Ingrid and Fernanda cause heavy rain and evacuations: AIR Worldwide

Tropical storm Ingrid made landfall in Mexico this morning, but had weakened from its category 1 hurricane status, according to AIR Worldwide.

The storm landed near the small town of La Pesky on Mexico’s eastern coast.

Ingrid’s intensity had decreased to about 65 mph, AIR said. The agency expects minimal impact from winds, but said the chief danger remains heavy rain and flooding.

AIR Worldwide senior principal scientist Tim Dogged said that the effects of Ingrid were compounded by tropical cyclone Manuel, which made landfall yesterday on the western coast of Mexico, opposite Ingrid.

He said: “This rare coincidence of two tropical cyclones making landfall so close together in both time and location has made for a precarious situation. The Mexican gulf coast where Ingrid made landfall is already saturated by heavy precipitation in recent weeks from tropical depression eight and tropical storm Fernanda. The one-two punch of Manuel and Ingrid already has caused widespread flooding, some flashfloods and mudslides, resulting in damage and loss of lives.”

According to AIR, the area where Ingrid has made landfall is relatively sparsely settled. Most insured residential structures in the region are made of confined masonry, which performs better than plain masonry under lateral wind loads because of its use of bond beams and columns.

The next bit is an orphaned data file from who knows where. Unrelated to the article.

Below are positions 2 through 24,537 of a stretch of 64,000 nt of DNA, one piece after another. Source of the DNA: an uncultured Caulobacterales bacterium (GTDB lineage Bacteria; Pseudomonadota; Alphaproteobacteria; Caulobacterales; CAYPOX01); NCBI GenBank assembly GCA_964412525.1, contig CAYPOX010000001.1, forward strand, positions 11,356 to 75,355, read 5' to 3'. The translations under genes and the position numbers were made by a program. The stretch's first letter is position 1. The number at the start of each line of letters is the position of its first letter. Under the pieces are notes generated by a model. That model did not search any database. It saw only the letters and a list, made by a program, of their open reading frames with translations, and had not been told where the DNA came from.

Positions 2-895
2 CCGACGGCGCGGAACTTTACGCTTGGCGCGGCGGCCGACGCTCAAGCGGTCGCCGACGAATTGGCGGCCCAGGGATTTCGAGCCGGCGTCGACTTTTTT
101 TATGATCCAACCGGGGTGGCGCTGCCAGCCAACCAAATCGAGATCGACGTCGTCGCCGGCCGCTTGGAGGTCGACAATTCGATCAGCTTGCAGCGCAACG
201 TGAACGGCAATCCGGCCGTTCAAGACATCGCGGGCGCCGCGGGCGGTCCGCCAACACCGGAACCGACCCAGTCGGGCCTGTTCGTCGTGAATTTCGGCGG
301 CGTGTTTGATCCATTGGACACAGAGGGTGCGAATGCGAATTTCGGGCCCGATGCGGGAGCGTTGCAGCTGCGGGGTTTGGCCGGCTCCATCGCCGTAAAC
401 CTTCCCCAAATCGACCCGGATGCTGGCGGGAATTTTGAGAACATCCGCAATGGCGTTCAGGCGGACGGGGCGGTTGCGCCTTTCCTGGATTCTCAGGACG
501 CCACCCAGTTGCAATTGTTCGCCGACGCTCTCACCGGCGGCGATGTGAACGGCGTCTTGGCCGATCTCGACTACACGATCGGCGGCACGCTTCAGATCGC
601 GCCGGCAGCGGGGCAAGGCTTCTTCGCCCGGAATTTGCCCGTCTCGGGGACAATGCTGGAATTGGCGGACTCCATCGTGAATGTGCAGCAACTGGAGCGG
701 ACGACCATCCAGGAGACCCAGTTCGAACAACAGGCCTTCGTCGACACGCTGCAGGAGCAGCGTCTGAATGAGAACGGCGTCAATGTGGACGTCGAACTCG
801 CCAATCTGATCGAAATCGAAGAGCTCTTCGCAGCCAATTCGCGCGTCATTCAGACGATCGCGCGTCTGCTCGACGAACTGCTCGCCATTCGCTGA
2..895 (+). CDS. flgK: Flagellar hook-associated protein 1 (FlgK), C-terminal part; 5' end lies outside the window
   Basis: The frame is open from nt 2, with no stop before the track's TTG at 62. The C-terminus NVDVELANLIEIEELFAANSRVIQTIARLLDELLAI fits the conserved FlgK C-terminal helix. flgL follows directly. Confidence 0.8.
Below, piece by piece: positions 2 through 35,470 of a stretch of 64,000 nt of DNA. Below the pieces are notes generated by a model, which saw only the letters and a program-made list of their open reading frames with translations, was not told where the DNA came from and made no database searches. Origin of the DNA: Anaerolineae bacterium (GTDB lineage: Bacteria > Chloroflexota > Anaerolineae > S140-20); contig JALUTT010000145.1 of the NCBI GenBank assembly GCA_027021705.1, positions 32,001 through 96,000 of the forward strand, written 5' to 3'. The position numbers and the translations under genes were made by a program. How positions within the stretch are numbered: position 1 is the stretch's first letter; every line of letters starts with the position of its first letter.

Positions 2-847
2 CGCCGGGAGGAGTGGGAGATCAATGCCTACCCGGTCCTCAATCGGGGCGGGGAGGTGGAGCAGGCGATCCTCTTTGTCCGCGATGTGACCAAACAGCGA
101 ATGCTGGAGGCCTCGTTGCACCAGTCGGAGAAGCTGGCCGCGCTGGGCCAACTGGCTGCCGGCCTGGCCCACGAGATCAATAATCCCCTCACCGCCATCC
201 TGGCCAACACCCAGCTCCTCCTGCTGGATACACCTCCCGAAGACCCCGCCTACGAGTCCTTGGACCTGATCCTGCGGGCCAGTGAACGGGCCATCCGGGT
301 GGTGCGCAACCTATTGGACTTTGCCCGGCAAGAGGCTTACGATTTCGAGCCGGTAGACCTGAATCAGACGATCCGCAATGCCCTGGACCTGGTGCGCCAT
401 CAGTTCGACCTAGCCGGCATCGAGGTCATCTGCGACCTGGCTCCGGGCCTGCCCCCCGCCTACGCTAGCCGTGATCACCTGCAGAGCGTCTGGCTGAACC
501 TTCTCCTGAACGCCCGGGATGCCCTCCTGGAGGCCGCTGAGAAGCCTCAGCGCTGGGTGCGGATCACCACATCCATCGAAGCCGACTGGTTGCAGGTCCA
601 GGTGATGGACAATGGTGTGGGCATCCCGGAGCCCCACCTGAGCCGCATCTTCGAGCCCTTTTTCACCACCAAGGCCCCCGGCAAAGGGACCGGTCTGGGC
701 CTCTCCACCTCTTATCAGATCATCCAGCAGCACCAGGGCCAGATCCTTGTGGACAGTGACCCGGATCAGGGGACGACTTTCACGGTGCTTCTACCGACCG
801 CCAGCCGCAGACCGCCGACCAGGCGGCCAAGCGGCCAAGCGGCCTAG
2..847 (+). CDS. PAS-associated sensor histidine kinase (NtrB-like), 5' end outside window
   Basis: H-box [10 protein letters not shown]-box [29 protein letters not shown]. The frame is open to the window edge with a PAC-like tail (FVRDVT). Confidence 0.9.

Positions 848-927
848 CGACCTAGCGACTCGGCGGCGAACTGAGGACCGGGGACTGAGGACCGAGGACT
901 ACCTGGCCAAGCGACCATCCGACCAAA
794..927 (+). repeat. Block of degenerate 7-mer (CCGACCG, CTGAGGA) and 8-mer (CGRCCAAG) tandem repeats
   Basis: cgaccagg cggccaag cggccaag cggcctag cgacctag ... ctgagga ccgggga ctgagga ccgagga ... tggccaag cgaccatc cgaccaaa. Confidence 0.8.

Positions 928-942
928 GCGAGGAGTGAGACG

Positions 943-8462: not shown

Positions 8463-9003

Insured commercial properties are dominated by confined masonry and reinforced masonry construction. Both construction types should fare well against Ingrid’s wind speeds, which are expected to weaken considerably as the storm crosses land. The full extent and possible impact of flooding, flashfloods and mudslides, however, are uncertain.

According to reports, the heavy rains and flooding from the two tropical storms have meant the state of Veracruz – immediately south of Tamaulipas State, where Ingrid made landfall – has had to be evacuated of 6,000 people. According to the state’s civil protection authority, more than 1,000 homes in the state have been affected by the storm and 20 highways and 12 bridges have experienced damage.

Dogged added: “Ingrid is expected to produce 10 to 15 inches of rain over a large part of eastern Mexico – with as much as 25 inches possible in isolated areas. Over the next days, these rains are likely to result in life-threatening flash floods and mudslides. Also, a dangerous storm surge will raise water levels by as much as two to four feet above normal tide levels along the immediate coast near and to the north of Ingrid’s landfall near La Pesky. Near the coast, the surge will be accompanied by large and destructive waves.”